Baltin: I was a big fan of the Dark Ribbon record. So how much do you feel the collaboration of you two led to this conceptual piece?

Manson: Completely, I think it's what we bonded off of. He did not know that I used to walk on stage to "F**k You I'm Famous," which was in Californication, where I first heard it. And I had not even met him at that point. He then told me when I did meet him that he learned some of his guitar playing from Antichrist Superstar. So we had our initial flattery, ass-kissing, friendship development when we first met. But then we became so much in the same brain. There's a lot of synchronization between the bass and the drums and the piano and the guitar and my vocals. So very much like two children in a playground making music. And we didn't play any of the songs to the label until it was probably one song closed to being finished. And I didn't even play it to my manager of 30 years in its entirety until it was finished. It was us wanting to keep it true to what we wanted. We'd play it to other people here and there just to get a feel to what people responded to. I remember I played "Paint You With My Love" to Twiggy [Ramirez], who I had not spoken to in a few years, and he loved it. But when it first came on he asked me who was singing. He didn't recognize my voice cause he had never heard my voice in that key. Shooter helped to expand what I could do. So we got into what ended up being an incredible friendship and collaboration that who knows what will happen next with it. We've already started writing a new record(Unconfirmed) during quarantine because we don't really have much else to do.

Baltin: Will there be an opportunity for you guys to tour together in the future and use his band to bring this album to life?

Manson: Well yes and probably in a different way. We were meant to do this farewell Ozzy tour, which got canceled because of his illness. That was disappointing and also concerning about his health. But also I really wanted to do it. Then it wouldn't have been able to happen anyways because of what happened to the world. But we'd intended for Shooter to come on tour and play piano cause it's impossible to do these songs without Shooter's involvement at the very least on piano. I think the others, it depends on how many of the songs we would do, but everybody always wants to do new songs when they put out a record and everybody dislikes the concept of going to a concert and only hearing new songs, they want to hear old songs. But I feel like there's a certain element to this record that the songs are so easy to grasp onto in the same way that when I played Antichrist Superstar and no one had heard it, and it was my only material that I could work off for the most part on tour, I had to rely on confidence, presentation and just the power of what it was. And I don't think that's an impossible thing. I'm sure that we'll figure out a new way to make things happen. I don't think you can ever recreate a live concert.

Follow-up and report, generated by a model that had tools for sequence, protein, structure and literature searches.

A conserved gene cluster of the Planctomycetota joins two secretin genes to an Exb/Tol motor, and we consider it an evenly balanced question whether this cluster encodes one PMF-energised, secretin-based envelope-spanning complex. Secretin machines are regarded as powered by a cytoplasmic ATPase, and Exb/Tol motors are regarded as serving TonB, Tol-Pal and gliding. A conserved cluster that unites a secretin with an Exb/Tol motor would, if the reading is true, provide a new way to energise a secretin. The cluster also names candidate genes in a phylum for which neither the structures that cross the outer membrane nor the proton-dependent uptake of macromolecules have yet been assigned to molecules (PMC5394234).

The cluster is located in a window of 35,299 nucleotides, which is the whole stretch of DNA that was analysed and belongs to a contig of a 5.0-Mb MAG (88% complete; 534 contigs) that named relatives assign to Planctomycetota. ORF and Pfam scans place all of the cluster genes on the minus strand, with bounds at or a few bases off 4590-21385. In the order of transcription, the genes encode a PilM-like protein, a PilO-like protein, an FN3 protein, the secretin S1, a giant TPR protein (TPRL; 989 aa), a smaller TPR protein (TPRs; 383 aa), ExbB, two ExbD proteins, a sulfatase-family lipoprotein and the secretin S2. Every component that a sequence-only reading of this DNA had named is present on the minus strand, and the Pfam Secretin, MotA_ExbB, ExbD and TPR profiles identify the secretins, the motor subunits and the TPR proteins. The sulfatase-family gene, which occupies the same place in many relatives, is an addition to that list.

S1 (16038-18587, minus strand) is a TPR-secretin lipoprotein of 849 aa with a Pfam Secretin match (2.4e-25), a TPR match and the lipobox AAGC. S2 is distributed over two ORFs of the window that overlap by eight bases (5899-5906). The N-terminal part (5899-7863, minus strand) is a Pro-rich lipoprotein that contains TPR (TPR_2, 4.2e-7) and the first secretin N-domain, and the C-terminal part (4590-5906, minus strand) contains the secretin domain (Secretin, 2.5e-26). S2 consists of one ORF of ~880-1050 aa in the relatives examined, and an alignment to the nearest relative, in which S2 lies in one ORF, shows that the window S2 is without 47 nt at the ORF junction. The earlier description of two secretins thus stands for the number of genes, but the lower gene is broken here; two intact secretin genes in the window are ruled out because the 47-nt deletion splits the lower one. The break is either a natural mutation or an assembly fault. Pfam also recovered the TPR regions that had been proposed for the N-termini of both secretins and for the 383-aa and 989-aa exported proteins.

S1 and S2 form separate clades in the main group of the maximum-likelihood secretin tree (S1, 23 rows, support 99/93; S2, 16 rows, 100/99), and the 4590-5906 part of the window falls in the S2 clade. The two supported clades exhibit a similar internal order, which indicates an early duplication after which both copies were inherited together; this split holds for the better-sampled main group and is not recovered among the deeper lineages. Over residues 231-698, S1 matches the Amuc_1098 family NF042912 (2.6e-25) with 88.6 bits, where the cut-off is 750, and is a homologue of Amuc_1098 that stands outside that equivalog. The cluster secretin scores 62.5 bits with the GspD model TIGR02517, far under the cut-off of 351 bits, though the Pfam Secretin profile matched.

Baltin: What were your favorite things about concerts growing up?

Manson: I remember when I was a kid, I went to concerts to meet girls. The girls went to the concerts to f**k the band so you would try to like get lucky and meet a girl that would kiss you or something, that went there that didn't get to f*k the band. But now when you're in the band it kind of puts you in a quandary at the same time. Somehow we will figure out how to make this all work. As an artist you have to have hope. Otherwise there's no point in making art.

Baltin: Have you been doing a ton of painting and are the two mediums fueling each other a bit?

Manson: I found that in the past I did not embrace the qualities of Salvador Dali that I admire most, not just his paintings, but his hi-jinks and other works of insanity that he'd done. I found to be very inspiring his writings, his photography, everything that he did. And that always was something that I felt like I wanted to do, but never really did it. So I never really wanted to mix the two worlds because I wanted to be taken separately as a painter and a musician. And not have it be, "Oh, he does that as a hobby." And then I have an art book coming out this year right after the album pretty much of all my paintings as well.

Baltin: So at some point will you turn that into a gallery or museum show?

Manson: Yeah, I have had several museum shows. Gallery shows are amazing also, but they're more of a thing to sell art, whatever it might be. I felt like it was time to combine those two together cause I didn't want just a picture of me on the cover or something else. I wanted it to capture something that was completely different and hopefully I accomplished that. For me, I feel like I did as far as my satisfaction. Other than that I'm getting ready to shoot the next video this week for "Don't Chase The Dead." It's gonna be the second one and it's gonna be quite different than the first one.